I sat Geoff down for ten minutes in the ruins of the St. Luke's Church courtyard so he could tell me and a random gentleman about his upcoming video part, battling injuries, his love for the Wild West, and his new pet project, CivilWare.
When someone says Liverpool, most of the world's kneejerk reaction is to think of the Beatles. (I've talked a lot about the Fab Four in the past, mostly because of the joy they bring my wife's mentally retarded uncle, Lonnie.) But if you mention Liverpool to a skateboarder, Geoff Rowley is the first person who comes to mind. I have always been a fan of Geoff's skating, as well as his candor, and so I was very happy that I got a chance to spend some time with him in Liverpool the other day.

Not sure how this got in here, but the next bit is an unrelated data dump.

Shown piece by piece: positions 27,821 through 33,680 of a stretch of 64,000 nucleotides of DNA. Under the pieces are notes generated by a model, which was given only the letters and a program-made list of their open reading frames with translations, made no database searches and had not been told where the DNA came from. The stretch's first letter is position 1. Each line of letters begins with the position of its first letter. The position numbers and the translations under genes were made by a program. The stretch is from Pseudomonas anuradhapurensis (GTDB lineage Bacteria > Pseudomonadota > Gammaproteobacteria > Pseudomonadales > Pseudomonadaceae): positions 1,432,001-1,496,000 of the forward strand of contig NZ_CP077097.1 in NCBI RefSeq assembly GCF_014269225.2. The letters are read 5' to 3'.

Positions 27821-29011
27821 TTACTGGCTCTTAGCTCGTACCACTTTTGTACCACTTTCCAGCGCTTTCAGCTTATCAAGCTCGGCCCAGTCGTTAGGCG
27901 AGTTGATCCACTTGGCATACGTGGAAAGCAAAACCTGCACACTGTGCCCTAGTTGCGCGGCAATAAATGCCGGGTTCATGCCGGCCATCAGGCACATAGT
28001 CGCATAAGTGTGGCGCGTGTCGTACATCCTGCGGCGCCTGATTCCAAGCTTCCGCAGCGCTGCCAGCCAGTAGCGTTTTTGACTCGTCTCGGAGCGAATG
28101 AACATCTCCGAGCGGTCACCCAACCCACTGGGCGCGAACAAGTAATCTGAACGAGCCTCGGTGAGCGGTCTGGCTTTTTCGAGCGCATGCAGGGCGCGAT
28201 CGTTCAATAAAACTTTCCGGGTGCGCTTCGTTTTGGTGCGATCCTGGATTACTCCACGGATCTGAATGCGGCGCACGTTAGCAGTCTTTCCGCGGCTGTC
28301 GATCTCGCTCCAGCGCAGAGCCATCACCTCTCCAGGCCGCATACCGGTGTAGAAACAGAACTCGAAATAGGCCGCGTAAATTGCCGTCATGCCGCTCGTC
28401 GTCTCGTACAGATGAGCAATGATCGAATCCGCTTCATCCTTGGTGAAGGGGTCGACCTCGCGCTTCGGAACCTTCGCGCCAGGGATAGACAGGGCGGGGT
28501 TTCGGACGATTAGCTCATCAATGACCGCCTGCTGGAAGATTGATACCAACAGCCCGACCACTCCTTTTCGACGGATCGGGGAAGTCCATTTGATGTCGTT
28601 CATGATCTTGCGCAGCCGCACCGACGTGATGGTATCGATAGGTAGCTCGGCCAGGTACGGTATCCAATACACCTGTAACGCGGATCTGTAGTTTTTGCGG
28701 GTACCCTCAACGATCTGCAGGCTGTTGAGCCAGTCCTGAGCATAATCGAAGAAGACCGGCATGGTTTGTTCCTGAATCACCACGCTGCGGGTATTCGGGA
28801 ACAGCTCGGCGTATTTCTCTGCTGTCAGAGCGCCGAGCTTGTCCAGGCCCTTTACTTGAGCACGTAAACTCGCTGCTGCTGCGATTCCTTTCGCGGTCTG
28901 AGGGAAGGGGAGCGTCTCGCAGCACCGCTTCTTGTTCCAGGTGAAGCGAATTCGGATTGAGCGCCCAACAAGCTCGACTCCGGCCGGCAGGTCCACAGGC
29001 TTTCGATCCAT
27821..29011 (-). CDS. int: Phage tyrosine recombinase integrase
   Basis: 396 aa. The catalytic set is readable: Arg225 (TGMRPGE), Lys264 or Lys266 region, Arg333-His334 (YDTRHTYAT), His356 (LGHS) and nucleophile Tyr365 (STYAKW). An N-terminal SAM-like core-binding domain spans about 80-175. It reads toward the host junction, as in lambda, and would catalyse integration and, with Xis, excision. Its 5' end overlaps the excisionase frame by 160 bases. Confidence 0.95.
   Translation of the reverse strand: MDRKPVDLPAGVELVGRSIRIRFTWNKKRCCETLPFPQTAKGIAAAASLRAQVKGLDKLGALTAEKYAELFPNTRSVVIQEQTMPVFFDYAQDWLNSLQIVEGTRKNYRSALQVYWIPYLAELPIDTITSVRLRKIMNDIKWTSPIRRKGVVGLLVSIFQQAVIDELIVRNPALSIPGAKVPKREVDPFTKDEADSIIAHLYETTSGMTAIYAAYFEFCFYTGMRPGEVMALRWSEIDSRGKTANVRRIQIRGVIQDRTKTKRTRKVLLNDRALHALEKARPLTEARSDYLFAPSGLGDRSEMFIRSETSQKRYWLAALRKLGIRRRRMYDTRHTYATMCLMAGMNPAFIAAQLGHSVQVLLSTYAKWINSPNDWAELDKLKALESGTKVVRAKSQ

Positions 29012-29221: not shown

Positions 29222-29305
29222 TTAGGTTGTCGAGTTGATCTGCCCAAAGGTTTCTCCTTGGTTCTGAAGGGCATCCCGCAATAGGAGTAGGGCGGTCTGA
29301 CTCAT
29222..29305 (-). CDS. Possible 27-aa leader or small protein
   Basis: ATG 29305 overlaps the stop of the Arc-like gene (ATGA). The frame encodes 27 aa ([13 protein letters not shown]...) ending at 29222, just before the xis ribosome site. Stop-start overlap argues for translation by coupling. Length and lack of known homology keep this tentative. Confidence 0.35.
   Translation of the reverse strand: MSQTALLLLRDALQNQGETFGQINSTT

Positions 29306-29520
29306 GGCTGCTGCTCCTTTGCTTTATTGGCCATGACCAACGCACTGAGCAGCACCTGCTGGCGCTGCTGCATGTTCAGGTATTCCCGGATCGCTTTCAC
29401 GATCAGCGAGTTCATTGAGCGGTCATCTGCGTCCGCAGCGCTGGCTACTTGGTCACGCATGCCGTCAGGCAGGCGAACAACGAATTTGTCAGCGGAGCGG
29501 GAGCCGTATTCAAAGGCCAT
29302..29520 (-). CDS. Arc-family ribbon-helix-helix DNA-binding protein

I can say, without hyperbole, that when Geoff moved to the States in the late 90s he changed skateboarding forever. He skated hard and fast, and his balls were pressed much more firmly to the wall than anyone else's at the time. He revolutionized handrail skating and did it with style (at that time style was an afterthought in skateboarding, and a lot of skaters looked like piles of dogshit on wheels). Also, thanks to Geoff skaters don't wear hideous and impractical moonboots anymore. Back in the 90s, while everyone else was skating bulbous sneakers that looked like they should have lights in the heels and be worn by three-years-olds, Geoff was grinding the huge hubba at the Staples Center in plain old Authentics.
I sat Geoff down for ten minutes in the ruins of the St. Luke's Church courtyard—which was bombed by the Nazis and never rebuilt—so he could tell me and a random gentleman about his upcoming video part, battling injuries, his love for the Wild West, and his new pet project, CivilWare.
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